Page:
Let $L$ be the poset (ordered by set inclusion) that is the power set of some set $X$.

A *state* is a function $s:L \rightarrow [0,1]$ satisfying

i) for {$p_1,p_2,...$}, $p_i \in L$ a pairwise orthogonal (i.e. $p_i \leq p_j'$ where $a'$ is the complement of $a$) countable sequence, $\bigvee_i p_i$ exists, and $s(\bigvee_i p_i) = \sum_i s(p_i)$.

ii) s(X) = 1.

also consider functions $f:X \rightarrow [0,1]$.

Then for $X$ **countably infinite**, every state $s$ is in one to one correspondance to a function $f$ by the following argument (skip the next three paragraphs if you are OK with this):

As $L$ is atomistic, we have for arbitrary $p \in L$, $p = \bigvee_i a_i$ ($= \bigcup_i a_i$ as the join of the poset corresponds to the union of subsets) where $a_i \in L$ are atoms (which are pairwise orthogonal).

The atoms $a_i$ are in one to one correspondence to the elements of $X$ such that, given $f:X \rightarrow [0,1]$, we can define $f$ on the set of atoms via $f(a) = f(x_a)$ where $x_a$ is the element of $X$ associated to the atom $a$.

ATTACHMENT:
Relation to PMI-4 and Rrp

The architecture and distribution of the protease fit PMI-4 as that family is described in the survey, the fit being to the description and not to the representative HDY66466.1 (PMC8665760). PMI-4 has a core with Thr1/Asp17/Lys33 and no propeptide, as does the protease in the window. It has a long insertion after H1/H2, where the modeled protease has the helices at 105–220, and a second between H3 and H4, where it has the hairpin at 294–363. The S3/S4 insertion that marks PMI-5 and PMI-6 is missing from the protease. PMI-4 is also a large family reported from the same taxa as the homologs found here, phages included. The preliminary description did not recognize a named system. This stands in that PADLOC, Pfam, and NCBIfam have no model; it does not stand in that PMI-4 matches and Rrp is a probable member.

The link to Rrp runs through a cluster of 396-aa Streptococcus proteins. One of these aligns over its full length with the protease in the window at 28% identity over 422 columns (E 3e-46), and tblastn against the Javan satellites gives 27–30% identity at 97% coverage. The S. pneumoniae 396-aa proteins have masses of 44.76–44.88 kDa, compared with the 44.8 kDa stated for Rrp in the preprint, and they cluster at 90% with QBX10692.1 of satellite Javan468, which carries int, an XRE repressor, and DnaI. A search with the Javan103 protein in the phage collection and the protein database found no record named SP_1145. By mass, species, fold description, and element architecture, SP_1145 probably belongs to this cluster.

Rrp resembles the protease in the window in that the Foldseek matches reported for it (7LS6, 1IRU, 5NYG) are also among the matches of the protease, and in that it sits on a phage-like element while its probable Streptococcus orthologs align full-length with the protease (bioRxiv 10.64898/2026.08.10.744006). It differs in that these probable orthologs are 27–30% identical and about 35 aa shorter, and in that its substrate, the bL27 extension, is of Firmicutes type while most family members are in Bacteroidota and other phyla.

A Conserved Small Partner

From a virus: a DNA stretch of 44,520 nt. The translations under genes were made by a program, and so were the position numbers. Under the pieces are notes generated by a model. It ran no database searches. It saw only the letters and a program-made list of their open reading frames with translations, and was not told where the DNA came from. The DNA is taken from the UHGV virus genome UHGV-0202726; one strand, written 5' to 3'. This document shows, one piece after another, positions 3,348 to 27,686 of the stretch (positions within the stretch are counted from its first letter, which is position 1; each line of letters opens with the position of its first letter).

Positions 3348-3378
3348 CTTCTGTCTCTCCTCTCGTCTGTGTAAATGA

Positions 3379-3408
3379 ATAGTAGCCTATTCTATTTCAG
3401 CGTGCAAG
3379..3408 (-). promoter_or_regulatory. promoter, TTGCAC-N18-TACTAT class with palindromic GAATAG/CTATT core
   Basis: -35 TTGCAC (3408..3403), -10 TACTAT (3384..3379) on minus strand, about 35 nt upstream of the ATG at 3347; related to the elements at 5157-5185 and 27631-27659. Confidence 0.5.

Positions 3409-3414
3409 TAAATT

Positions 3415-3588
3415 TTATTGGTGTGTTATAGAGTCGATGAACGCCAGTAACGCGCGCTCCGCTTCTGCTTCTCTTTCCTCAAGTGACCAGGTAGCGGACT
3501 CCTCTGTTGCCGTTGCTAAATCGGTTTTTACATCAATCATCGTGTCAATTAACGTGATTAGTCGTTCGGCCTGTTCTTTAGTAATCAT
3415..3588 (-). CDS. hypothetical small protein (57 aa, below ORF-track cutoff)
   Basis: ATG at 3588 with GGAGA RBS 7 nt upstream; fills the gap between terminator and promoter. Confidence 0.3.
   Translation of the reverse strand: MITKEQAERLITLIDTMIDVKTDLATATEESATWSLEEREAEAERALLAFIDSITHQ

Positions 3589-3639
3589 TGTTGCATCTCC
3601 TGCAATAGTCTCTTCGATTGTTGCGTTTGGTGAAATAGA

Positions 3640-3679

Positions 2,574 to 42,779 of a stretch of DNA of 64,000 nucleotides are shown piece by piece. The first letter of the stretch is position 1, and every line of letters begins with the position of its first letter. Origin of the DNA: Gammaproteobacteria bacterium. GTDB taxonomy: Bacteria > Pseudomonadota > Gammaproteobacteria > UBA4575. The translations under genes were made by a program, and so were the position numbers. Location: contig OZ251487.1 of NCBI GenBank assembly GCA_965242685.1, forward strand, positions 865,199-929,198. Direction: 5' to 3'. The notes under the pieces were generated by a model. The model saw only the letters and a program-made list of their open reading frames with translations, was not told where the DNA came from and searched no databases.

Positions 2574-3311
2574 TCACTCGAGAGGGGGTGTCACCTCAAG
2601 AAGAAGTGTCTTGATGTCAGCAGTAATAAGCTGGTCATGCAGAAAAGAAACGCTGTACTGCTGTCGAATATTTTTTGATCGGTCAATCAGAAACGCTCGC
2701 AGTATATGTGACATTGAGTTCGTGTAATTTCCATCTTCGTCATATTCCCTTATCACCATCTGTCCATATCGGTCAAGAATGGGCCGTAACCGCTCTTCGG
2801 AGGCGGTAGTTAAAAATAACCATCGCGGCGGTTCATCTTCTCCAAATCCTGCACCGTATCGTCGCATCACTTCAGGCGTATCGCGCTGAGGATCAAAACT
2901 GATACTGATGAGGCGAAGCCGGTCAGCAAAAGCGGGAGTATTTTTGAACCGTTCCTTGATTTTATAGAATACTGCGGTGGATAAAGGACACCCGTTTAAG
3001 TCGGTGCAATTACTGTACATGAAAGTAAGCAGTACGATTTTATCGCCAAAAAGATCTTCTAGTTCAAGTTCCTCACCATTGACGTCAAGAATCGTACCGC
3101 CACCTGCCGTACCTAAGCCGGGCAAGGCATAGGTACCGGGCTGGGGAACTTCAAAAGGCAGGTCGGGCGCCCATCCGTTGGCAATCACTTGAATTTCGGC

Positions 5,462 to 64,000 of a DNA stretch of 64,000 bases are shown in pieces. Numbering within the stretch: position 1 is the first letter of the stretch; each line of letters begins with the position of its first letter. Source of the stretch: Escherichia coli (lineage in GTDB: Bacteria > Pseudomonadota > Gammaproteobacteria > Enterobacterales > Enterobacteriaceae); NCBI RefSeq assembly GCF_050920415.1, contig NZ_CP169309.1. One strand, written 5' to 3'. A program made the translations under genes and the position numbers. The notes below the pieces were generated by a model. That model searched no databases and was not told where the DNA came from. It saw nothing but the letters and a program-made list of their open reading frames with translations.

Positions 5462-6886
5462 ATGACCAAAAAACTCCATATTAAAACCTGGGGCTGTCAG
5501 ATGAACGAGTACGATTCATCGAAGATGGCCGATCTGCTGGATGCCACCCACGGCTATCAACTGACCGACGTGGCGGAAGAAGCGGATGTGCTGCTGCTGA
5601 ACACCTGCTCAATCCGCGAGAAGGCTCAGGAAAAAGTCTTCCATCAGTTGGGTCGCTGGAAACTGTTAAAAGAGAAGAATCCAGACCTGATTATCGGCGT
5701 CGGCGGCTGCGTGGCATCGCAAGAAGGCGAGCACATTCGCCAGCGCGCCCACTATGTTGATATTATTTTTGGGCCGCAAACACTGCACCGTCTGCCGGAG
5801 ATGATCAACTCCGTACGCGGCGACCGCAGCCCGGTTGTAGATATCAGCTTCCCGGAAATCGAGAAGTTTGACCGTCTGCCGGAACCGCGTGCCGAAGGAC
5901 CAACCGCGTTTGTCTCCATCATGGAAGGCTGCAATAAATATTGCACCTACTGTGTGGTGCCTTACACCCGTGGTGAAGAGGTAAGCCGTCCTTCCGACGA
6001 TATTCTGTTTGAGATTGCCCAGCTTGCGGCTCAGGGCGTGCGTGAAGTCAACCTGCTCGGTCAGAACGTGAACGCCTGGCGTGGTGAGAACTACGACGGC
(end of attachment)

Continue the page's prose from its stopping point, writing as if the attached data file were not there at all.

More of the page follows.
Then for a given state $s$ and arbitrary $p \in L$, $s(p) = s(\bigvee_i a_i) = \sum_i s(a_i)$. So $s$ is determined by its values on the atoms and we can associate a state to a function $f$ by setting for all atoms $a$, $s_f(a) = f(a)$. This is bijective. (End of argument.)

Questions:

1) Now for $X = R^n$ (or uncountable) is there a similar correspondence?

2) Or do I need to adapt condition i) ?

What I fail to show in the uncountable case, is whether condition i) is strong enough to ensure that any state on the power set of such an $X$ is uniquely determined by its values on the atoms.

I hope this question is worthy of a response, it is my first one and I hesitated for the last 4 days.